The smog that enveloped Metro Manila on Friday has disappeared, the weather bureau reported on Saturday.
According to Juanito Galang, chief of the Weather Division of the Philippine Atmospheric, Geophysical, and Astronomical Services Administration (PAGASA), the downpour caused by the southwest monsoon or “habagat” and low-pressure area experienced Friday night until Saturday morning has weakened the smog.
“So right now, we can see… that it has weakened a bit or is clearing a bit. It rained heavily this morning or last night. That’s a factor that the wind is moving a bit compared to yesterday,” he said at the Saturday News Forum in Quezon City. “So gradually, we will notice that it is getting clear here in Metro Manila.”
The smog that covered many parts of Metro Manila and some areas of Central Luzon was also not caused by volcanic smog or vog from Taal volcano, Galang added.
Technically, he said, it was called photochemical smog that comes from pollutants, such as emissions of vehicles and industries.
The geographical location of Metro Manila is also a factor, he said.
On Thursday and Friday, the vog that covered the volcano has cleared, Bacolcol said, “but this will be a recurring threat. As long as the Taal Volcano is spewing sulfur dioxide, the threat will always be there.”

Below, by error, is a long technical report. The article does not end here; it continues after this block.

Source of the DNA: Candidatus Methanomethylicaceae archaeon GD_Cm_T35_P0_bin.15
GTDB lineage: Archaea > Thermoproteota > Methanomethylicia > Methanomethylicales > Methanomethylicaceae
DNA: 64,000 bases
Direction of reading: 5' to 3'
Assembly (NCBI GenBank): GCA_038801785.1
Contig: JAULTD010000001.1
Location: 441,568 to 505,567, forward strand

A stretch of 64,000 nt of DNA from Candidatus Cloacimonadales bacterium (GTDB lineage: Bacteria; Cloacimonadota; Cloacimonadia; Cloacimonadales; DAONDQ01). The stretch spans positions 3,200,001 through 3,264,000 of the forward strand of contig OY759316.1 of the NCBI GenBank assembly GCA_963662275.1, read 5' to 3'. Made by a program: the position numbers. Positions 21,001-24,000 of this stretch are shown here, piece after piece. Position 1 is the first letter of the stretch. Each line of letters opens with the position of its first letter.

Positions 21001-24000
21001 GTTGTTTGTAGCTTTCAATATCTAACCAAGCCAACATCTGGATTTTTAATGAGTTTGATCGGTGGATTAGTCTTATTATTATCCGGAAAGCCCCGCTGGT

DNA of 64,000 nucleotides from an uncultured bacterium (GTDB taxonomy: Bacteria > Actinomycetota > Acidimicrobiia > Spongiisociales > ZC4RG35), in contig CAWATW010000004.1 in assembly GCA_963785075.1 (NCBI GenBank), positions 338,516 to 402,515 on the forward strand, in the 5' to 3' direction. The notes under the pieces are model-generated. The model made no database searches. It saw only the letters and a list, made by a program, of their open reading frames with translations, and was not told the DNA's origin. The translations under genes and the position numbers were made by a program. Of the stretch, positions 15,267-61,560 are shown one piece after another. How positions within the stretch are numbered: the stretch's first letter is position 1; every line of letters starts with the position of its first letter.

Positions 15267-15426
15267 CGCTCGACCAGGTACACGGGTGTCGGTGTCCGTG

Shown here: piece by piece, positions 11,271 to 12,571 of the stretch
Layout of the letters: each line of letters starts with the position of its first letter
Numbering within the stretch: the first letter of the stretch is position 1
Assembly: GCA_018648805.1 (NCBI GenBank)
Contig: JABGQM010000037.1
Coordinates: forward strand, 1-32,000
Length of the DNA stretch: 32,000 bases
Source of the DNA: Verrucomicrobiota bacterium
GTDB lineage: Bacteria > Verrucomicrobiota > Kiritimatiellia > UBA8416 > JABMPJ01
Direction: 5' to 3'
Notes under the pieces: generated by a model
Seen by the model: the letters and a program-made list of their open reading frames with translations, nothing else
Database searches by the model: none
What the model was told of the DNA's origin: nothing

Galang reminded the public to wear a face mask if such a phenomenon recurs.
In Batangas, local officials are reportedly studying placing the province under a state of emergency as towns deal with the thick volcanic smog.
Vice Governor Mark Leviste said Saturday that the state of emergency would help local government tap into their disaster and emergency funds.
Based on its most recent vog advisory posted on Thursday afternoon, Phivolcs said volcanic smog has lingered over the Taal Region “since the first week of September.”
Volcanologists on Saturday meanwhile warned that while volcanic fog or vog from have dissipated, it may recur anytime due to the continued
activity of the lake volcano.
Director Teresito Bacolcol of the Philippine Institute of Volcanology and Seismology (PHIVOLCS) said that of Saturday morning the vog that enveloped the volcano’s caldera was gone.